Gun attack leaves 24 dead in central Mexico
Gunmen on Wednesday attacked a drug rehabilitation center in central Mexico, killing 24 people at least and leaving seven wounded, local authorities said.
In an attack on a rehabilitation center, 24 people were killed by unidentified gunmen amid possible gang violence rampant in north-central Mexico, authorities announced Thursday.
According to preliminary information, the attackers "entered the scene, forced (the victims) onto the ground and shot them," said Pedro Cortes, secretary of public security in Irapuato, located northwest of Mexico City in Guanajuato state.
"We have reports that the (armed) subjects arrived in a red vehicle, no further information is known. The preliminary report we have is of 24 dead people and seven wounded," he added.
Authorities are working on locating the vehicle, Cortes said.
The city of Irapuato said in a statement that three of the wounded were in serious condition, but that no one had been kidnapped during the attack. It added that the area would be off-limits so that an investigation could proceed.
The state of Guanajuato, home to major industry and a number of large auto manufacturing plants, is plagued by organized crime violence.
The state's wealth has attracted groups such as the powerful Jalisco New Generation and Santa Rosa de Lima drug cartels, which are also involved in extortion, kidnapping and fuel theft.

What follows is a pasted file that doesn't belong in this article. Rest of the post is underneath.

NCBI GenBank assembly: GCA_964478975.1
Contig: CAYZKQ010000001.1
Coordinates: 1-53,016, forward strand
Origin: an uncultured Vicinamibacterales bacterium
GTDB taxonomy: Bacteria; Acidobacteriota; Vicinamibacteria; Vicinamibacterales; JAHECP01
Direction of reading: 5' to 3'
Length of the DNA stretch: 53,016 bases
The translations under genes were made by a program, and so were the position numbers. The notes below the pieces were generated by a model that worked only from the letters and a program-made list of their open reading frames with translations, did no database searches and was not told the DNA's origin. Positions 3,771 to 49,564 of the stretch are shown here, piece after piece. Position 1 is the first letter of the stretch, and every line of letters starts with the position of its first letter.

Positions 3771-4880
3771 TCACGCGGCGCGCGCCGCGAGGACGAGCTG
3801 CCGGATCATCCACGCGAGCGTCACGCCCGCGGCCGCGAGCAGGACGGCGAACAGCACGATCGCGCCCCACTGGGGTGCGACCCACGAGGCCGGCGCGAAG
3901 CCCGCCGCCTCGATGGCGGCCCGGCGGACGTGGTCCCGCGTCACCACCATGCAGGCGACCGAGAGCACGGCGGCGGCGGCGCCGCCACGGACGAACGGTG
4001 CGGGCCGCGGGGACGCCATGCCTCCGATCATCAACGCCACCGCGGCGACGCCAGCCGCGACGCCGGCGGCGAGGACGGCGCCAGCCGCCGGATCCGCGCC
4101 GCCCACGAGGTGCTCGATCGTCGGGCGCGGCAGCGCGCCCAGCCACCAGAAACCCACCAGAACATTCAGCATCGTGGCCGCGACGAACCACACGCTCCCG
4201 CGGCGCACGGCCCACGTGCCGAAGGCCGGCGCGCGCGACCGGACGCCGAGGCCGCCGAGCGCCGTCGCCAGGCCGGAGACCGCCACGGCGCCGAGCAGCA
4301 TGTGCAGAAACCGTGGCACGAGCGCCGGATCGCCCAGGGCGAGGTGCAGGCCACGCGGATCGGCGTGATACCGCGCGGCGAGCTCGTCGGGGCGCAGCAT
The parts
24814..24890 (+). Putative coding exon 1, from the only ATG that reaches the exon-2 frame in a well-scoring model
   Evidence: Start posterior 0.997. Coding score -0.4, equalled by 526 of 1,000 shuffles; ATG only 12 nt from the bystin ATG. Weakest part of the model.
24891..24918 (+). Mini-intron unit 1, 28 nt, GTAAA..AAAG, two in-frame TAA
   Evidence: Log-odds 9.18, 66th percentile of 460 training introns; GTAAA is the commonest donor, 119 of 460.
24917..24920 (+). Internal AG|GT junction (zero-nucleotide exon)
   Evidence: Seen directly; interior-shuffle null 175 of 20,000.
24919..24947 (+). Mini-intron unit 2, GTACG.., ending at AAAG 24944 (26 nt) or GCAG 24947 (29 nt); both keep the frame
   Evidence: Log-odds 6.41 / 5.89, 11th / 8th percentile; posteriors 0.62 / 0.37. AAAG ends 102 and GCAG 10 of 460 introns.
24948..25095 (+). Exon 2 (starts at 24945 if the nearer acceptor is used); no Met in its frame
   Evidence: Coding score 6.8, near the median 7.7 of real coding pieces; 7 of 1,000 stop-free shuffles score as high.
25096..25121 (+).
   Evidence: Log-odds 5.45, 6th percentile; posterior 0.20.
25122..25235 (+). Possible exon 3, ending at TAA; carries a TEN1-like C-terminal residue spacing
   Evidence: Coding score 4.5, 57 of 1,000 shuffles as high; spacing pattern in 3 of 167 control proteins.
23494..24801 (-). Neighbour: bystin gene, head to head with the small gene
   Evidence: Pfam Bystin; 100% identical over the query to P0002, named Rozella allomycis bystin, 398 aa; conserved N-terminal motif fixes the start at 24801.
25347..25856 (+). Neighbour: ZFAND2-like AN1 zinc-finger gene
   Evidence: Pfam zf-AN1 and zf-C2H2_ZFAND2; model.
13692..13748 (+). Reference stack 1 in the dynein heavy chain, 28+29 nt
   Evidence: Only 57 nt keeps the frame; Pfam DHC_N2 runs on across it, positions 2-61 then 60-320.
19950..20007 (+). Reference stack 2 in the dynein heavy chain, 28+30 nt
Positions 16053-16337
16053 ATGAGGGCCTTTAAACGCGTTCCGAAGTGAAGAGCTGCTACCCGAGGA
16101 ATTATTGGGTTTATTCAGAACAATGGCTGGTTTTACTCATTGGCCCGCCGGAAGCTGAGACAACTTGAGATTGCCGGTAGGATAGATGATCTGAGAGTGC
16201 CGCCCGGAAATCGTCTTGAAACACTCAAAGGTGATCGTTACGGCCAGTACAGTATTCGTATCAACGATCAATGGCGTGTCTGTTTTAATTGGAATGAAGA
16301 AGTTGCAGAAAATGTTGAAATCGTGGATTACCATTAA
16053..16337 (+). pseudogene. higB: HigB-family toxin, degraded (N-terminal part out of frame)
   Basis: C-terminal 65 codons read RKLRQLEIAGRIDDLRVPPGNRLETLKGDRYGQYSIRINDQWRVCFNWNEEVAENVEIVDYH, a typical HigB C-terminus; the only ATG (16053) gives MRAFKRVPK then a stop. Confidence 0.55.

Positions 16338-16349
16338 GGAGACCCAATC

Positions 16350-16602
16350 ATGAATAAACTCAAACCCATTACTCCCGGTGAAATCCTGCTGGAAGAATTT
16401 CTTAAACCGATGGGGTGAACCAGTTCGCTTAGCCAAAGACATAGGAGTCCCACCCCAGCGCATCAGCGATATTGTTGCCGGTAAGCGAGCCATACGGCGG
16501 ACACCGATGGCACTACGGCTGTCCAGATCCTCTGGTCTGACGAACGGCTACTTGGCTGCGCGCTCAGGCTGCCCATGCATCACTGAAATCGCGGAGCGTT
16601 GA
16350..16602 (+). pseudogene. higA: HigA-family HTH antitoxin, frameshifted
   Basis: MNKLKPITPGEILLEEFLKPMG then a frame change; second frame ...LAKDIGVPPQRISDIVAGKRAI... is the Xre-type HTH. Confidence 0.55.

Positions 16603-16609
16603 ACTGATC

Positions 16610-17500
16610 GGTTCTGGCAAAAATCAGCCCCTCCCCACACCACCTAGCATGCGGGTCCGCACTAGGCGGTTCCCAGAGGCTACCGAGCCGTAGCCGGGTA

Guanajuato Governor Diego Sinhue gave his condolences on Twitter and stated that "coordinated intervention by federal and state authorities is necessary as the only way to successfully confront this situation."
"My personal and institutional commitment is to the victims who lost their lives or were injured in this cowardly attack," he added.
On June 21 Mexican authorities announced the arrest of 26 alleged members of Santa Rosa de Lima gang after burning vehicles were used as road blocks in the cities of Celaya, Salamanca and Villagran.
Following the violent episode President Andres Manuel Lopez Obrador said that his government would not allow the country "to fall into anarchy and disorder."
Just days before, six members of a family, including a minor, were reported murdered in Celaya.
The government under ex-President Felipe Calderon began aggressively fighting cartel groups in 2006, hoping to squelch their influence by targeting their leaders.
In 2009, it was estimated that 45,000 military troops and federal and state police were fighting the so-called "war on drugs."
Since the initiative began, an estimated 200,000 people have died or disappeared due to cartel violence.
After several years of violence under the war on drugs, President Andres Manuel Lopez Obrador vowed to change the narrative. During his campaign, he said the government should not fight "violence with violence."
Instead, he wanted to take a more peaceful approach.
"You cannot fight fire with fire. We do not want deaths. We do not want a war," he said.
However, experts have since accused Obrador of similarly aggressive tactics, citing the fact that he sent the army to capture a cartel leader and created the elite National Guard police division.